Independent Financial Advisors can also be useful in helping to set you up in the best possible way to manage your assets for your life post-divorce. This could be by assessing your new income and expenditure situation through cash flow and budget analysis. They can also help you find a new mortgage and will generally assist you to rebuild your finances.
Counsellors and therapists
Divorce and separation are some of the most stressful life events anyone can experience. It is normal to experience feelings of isolation, anger, and anxiety for the future. Many of our clients find that the support of a professional is invaluable at this time.
Both counseling and therapy can provide you with a non-judgmental environment in which to work through your difficulties with a qualified expert. This can provide you with peace of mind and an outlet for any frustration or upset you feel during your matter.
Counseling is usually made up of a predetermined number of structured sessions while therapy is more of an ongoing, freeform process with more time for exploring your thoughts and feelings.
Sessions such as these can help you find the clarity you need to adjust to your new situation and move forwards with your legal matters.
Family support services
In a case involving child arrangements issues, the children’s needs must always be at the forefront of everyone’s minds. For this reason, it is sometimes necessary to have outside support. We frequently help clients agree arrangements with the other parent, but family support services can assist in situations where some kind of regulated contact is needed.
Sometimes, supervised or supported contact is advised in cases where a parent has a history with illegal substances or where there are concerns for the child’s safety in their presence. It can also be an option when a parent has been uninvolved with the child’s life for a substantial period of time.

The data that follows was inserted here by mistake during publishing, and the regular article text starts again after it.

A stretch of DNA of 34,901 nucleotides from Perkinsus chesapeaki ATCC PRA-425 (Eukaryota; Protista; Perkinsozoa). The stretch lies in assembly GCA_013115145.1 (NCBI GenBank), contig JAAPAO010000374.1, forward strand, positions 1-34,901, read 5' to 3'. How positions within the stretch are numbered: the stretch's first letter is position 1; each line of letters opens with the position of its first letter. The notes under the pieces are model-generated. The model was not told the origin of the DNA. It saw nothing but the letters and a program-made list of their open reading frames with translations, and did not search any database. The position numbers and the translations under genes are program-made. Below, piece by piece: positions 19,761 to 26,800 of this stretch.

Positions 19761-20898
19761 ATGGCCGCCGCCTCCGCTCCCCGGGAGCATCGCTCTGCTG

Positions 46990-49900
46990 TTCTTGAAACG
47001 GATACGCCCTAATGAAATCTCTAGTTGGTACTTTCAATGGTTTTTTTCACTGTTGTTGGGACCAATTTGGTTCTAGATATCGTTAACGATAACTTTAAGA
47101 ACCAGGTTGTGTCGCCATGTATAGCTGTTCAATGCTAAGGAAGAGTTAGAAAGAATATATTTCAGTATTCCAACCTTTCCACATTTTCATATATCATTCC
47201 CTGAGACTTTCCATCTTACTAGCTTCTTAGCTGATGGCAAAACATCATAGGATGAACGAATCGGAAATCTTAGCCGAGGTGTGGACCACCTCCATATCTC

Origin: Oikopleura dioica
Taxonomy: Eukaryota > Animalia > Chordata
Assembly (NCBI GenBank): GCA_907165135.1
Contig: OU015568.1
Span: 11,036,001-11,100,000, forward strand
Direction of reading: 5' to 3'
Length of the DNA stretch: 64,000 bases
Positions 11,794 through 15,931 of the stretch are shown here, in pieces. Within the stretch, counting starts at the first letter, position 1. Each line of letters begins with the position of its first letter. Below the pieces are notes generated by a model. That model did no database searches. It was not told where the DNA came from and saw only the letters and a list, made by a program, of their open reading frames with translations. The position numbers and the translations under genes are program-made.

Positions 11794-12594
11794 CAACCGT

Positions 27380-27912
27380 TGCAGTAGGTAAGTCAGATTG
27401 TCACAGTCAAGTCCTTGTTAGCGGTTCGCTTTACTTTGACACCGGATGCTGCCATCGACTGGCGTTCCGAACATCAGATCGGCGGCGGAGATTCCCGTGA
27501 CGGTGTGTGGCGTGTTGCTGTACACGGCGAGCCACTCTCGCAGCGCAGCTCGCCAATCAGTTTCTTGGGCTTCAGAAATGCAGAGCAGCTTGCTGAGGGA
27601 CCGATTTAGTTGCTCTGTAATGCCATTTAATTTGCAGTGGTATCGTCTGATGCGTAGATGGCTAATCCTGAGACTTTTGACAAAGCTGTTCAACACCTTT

Family Support Services can help to safely and efficiently coordinate this process. This can help children maintain a relationship with a parent in otherwise difficult circumstances.
The news articles and blogs contained on this website do not constitute legal advice in relation to any particular situation. While Harbour Family Law aims to ensure that the information is correct (for England & Wales) at the date on which it is added to the website, the legal position can change frequently, and content will not always be updated following any relevant changes. You therefore acknowledge and agree that Harbour Family Law Ltd accept no liability whatsoever in contract, tort or otherwise for any loss of damage caused by or arising directly or indirectly in connection with any use or reliance on the contents of our website to the extent that such liability cannot be excluded by law.